There are few reports on the expression of GP in the brain (118). Their main effect in the CNS is likely endocrine: guanylin and uroguanylin are secreted from the gut and enter the circulation, mainly as prohormones (125, 126), and subsequently affect extra-intestinal tissues such as the kidney (127) and the brain (128). GC-C, the main intestinal receptor for GP, was found in the midbrain (129) and the hypothalamus (128).
Uroguanylin in satiety control
The intestine is an important endocrine organ, secreting hormones that centrally regulate satiety and food intake (130). The intestinal hormones are vigorously studied as possible therapeutic targets for the growing public health concern regarding obesity and metabolic diseases (131). Valentino and colleagues identified uroguanylin as a novel satiety hormone and showed that food intake causes increased intestinal prouroguanylin secretion in fasting individuals and mice (128). Administration of bacterial enterotoxins (a GC-C agonist) i.v. or i.c.v. (but not orally) reduced food intake in fasting mice, and i.v. administration of anti-prouroguanylin antibodies blocked this response (128). The receptor GC-C is expressed in the mouse hypothalamus. However, uroguanylin expression was not found in this region, suggesting an endocrine rather than a paracrine mode of regulation (128). To strengthen this postulation, Valentino showed an increase in cGMP in the hypothalamus in response to treatment with prouroguanylin, suggesting that this prohormone is cleaved in the hypothalamus by an unknown enzyme to produce the active peptide form (128). Mice lacking GC-C exhibited impaired satiety that resulted in increased food intake, obesity, and metabolic syndrome. In these animals, as opposed to the normal controls, i.v. administration of bacterial enterotoxins did not reduce food intake (128). Although further validation of this new endocrine pathway is necessary, the study provides strong evidence that uroguanylin is a central mediator of food intake, and it may provide a new therapeutic target for obesity and metabolic diseases (132).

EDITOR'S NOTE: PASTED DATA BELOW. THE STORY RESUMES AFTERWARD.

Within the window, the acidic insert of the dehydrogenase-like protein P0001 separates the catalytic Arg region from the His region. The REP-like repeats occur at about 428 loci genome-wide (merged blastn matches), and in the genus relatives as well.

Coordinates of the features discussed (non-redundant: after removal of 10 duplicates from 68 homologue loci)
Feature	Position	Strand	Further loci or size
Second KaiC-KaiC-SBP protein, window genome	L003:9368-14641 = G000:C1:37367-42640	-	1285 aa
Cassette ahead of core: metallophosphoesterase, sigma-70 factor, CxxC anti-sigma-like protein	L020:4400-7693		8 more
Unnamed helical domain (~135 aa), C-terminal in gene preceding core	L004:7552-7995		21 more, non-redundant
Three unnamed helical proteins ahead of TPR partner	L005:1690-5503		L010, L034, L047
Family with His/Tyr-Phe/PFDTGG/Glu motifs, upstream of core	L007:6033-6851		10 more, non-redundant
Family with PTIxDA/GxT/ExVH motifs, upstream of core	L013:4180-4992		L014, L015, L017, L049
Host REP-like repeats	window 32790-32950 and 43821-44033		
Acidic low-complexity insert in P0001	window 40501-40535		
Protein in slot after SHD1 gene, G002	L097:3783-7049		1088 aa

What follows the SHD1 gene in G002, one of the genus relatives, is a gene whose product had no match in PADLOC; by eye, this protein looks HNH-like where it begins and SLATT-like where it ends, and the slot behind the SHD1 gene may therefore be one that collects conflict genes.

GP in behavior
Guanylate cyclase C is expressed in dopaminergic neurons in the midbrain, and GC-C knockout was associated with behavioral changes in mice (129). Gong and collogues showed the expression of the GC-C protein in the ventral tegmental area and substantia nigra compacta in mice (129). Voltage clamp recordings from mouse dopaminergic neurons revealed that guanylin and uroguanylin significantly increased the neuronal activation evoked by metabotropic and muscarinic receptor agonists. This effect was abolished by blocking PKG signaling downstream from GC-C, and it was absent in GC-C knockout mice (129). The knockout mice exhibited increased locomotor activity, high levels of novelty seeking behavior and impulsivity. Such behavior was attenuated by low doses (1 mg/kg) of amphetamine, used to treat attention deficit hyperactivity disorder (ADHD) in humans. It is widely accepted that the dopaminergic system in the midbrain is involved in the etiology of ADHD (133). The GC-C knockout mice were described by the authors as a new animal model for ADHD, as they exhibit some of the symptoms related to this condition (129, 134). However, as the behavioral changes described could mimic several human conditions, further validation of the model is needed, and evidence of the involvement of GC-C in ADHD in humans is required. This pathway can provide new therapeutic targets for diseases involving the dopamine system, such as ADHD and schizophrenia.
Unlike NP and CS, it appears that GP are not synthesized in the brain, but rather arrive via the circulation from the intestine. However, the link between the intestine and the brain is not clear. Which brain-derived factors, if any, induce GP release from the intestine, and what signaling pathways they regulate require further investigation. The humoral or neuronal pathways that mediate the differential endocrine and paracrine effects of GP on remote organs such as the brain and kidney need to be established. Additionally, new members of the GC receptor family have been recently described in specific sensory neurons (135). There is a strong possibility that there are additional receptors which mediate GP functions in specific brain areas.